Sorry Not Sorry: Unapologetically Working for Social Justice
New Venue Announcement and Response to Criticism

Time: 7pm (Doors open at 6pm)
After dinner refreshments will be served

Date: April, 26th, 2019

Venue: The Ukrainian Labour Temple, 591 Pritchard Avenue.
Please note as renovations are pending, this venue is not fully accessible. There are 5 steps up to the main doors. Washrooms are located in the lower level and that is a flight of 14 stairs. Washrooms are not accessible in terms of fixtures, clearances, etc. There is a door at Pritchard and McGregor that could be used. The threshold is about 2 inches above grade. Once inside, it is only 3 stairs to the foyer level. Please contact [email protected] for more details. ASL interpretation will be provided.

All tickets sold for the original venue will be honoured at the door.

Our original venue cancelled our booking due to one of our speakers, Linda Sarsour.

Please see our full media release here.

Please check out our website, for our full response and to learn more about our event. We have added new links to add to the discussion. For anyone who simply wants to know more, as always, please consider the source of any links (including ours!) for explicit, complicit, conscious or unconscious bias and, most importantly, please read past the headlines. There is a great deal of media coverage both critical and supportive of Ms. Sarsour. We will not engage further by listing more and more links. The ones we have chosen to share offer perspective and/or context on the most prevalent criticisms of Ms. Sarsour. While we will maintain a space for constructive dialogue, offensive, violent content will be blocked, deleted and reported.

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100 years and counting!

The Social Planning Council of Winnipeg is proud to celebrate 100 years by partnering with the Canadian Muslim Women’s Institute in a discussion about working together to create a truly just society. Please join an amazing panel of activists, Linda Sarsour, Nora Loreto, and Tasha Spillett, to hear about their successes and perspectives on making the changes that challenge the status quo and addresses bias. A moderated question and answer session to follow the presentation.
Come out, get energized and be part of that change!

SPCW began as an organization that sought to bring cohesion to the sector but still with the charity mindset to address the same social conditions that brought about the General Strike of 1919. However, we have evolved into one that focuses more on systems change as the only way to create true equity and social justice. At our 100th, we are looking forward rather than back.

Canadian Muslim Women's Institute (CMWI), a charitable organization that works towards empowering women, was founded in 2006 to fill the demand felt by newcomer Muslim Women. Since then it grew in capacity, the services offered and the clients served. By empowering women we empower their families, and consequently the whole community. CMWI is pleased to partner with Social Planning Council of Winnipeg in celebrating their 100th Anniversary.

Panel Speaker bios:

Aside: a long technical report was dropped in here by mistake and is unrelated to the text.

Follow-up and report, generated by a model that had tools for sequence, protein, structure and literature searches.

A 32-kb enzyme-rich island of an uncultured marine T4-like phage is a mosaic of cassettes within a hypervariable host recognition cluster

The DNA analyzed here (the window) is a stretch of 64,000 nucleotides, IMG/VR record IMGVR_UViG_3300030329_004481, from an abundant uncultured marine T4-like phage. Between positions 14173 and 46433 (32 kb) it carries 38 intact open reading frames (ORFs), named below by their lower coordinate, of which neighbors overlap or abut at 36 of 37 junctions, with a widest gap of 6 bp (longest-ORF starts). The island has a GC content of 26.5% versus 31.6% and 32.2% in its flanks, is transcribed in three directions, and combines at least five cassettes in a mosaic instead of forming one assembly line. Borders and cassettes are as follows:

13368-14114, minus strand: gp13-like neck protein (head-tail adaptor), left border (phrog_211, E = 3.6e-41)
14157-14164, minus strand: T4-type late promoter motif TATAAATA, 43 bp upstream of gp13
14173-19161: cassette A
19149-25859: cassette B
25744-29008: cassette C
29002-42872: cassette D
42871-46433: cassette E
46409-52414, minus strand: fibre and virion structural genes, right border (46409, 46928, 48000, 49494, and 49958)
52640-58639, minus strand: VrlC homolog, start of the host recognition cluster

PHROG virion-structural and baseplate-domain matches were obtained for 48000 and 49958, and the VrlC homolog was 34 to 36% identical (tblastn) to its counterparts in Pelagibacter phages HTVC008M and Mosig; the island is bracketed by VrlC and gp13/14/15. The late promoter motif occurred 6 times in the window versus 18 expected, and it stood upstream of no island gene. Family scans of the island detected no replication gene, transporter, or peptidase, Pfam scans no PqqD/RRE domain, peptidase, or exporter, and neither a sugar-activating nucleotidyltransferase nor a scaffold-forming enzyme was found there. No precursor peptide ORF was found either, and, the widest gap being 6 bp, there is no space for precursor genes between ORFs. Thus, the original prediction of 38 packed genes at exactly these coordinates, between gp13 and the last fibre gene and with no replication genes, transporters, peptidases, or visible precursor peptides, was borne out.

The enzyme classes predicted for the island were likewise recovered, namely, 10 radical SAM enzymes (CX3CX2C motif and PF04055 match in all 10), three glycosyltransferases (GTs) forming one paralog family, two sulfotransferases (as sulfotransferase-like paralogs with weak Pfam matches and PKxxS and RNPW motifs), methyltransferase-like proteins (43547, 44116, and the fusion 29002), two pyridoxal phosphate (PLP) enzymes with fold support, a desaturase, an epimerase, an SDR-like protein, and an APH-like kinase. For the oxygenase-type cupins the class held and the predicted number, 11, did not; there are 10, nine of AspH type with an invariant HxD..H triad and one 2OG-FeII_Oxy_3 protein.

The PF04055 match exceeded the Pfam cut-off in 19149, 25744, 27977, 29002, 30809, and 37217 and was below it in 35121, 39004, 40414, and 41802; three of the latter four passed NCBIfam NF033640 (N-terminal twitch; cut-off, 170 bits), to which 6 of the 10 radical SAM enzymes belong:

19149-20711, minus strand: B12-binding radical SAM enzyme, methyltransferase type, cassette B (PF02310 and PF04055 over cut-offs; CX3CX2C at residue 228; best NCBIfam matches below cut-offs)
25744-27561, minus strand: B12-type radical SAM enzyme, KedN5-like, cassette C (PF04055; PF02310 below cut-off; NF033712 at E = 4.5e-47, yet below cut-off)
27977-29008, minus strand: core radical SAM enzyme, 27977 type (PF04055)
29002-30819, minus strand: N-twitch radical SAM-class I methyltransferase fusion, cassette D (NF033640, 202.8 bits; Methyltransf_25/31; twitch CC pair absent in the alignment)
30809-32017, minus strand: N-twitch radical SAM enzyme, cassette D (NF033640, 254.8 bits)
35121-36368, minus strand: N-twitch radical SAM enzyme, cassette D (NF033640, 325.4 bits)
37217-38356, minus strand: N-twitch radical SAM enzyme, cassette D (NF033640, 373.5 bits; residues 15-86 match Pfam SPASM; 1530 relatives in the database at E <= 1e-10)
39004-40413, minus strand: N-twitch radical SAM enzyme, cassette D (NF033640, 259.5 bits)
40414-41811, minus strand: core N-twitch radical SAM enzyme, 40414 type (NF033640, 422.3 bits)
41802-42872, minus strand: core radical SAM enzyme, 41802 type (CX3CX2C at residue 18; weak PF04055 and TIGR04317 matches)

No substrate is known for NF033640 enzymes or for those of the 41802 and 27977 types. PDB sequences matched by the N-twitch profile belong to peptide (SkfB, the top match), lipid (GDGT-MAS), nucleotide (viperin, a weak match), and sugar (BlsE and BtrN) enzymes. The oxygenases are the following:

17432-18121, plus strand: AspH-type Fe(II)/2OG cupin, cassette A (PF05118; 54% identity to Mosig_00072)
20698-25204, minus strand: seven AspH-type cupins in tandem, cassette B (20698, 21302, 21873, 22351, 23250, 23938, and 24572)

Tasha Spillett draws her strength from both her Nehiyaw & Trinidadian bloodlines. She is a celebrated educator, poet and emerging scholar, but is most heart-tied to contributing to community lead work that centers land and water defence, and the protection of Indigenous women and girls.

Tasha is currently working on her PhD in Education through the University of Saskatchewan, where she holds a Vanier Canada Award. In her work as a doctoral student, she is weaving in her cultural identity, and commitment to community to produce a body of research that echoes Indigenous women’s demands for justice for Missing and Murdered Indigenous Women, Girls and Two-Spirit People, and is a continuation of the resistance against the assault of colonialism that she has inherited.

Nora Loreto is a writer, musician and activist based in Québec City. She is the author of From Demonized to Organized, Building the New Union Movement and is the editor of the Canadian Association of Labour Media. She writes regularly for blogs and magazines, and wrote a chapter in Canada After Harper, released by Lorimer Publishers in August 2015.

Linda Sarsour is an award winning racial justice and civil rights activist, community organizer, every Islamophobe's worst nightmare and mother of three. She is a Palestinian-Muslim-American born and raised in Brooklyn, New York. She is the former Executive Director of the Arab American Association of New York and the co-founder of the first Muslim online organizing platform, MPower Change. She is a member of the Justice League NYC, a leading force of activists, artists, youth and formerly incarcerated individuals committed to criminal justice reform through direct action and policy advocacy.

Most recently, she was one of the national co-chairs of the largest single day protest in US history, the Women’s March on Washington. She has been named amongst 500 of the most influential Muslims in the world. She has won numerous awards including Champion of Change from the Obama Administration. She was recognized as one of Fortune’s 50 Greatest Leaders and featured as one of Time Magazine’s 100 most influential people in the world in 2017. She is a frequent media commentator on issues impacting Muslim communities, Middle East affairs and criminal justice reform and most recognized for her transformative intersectional organizing work and movement building.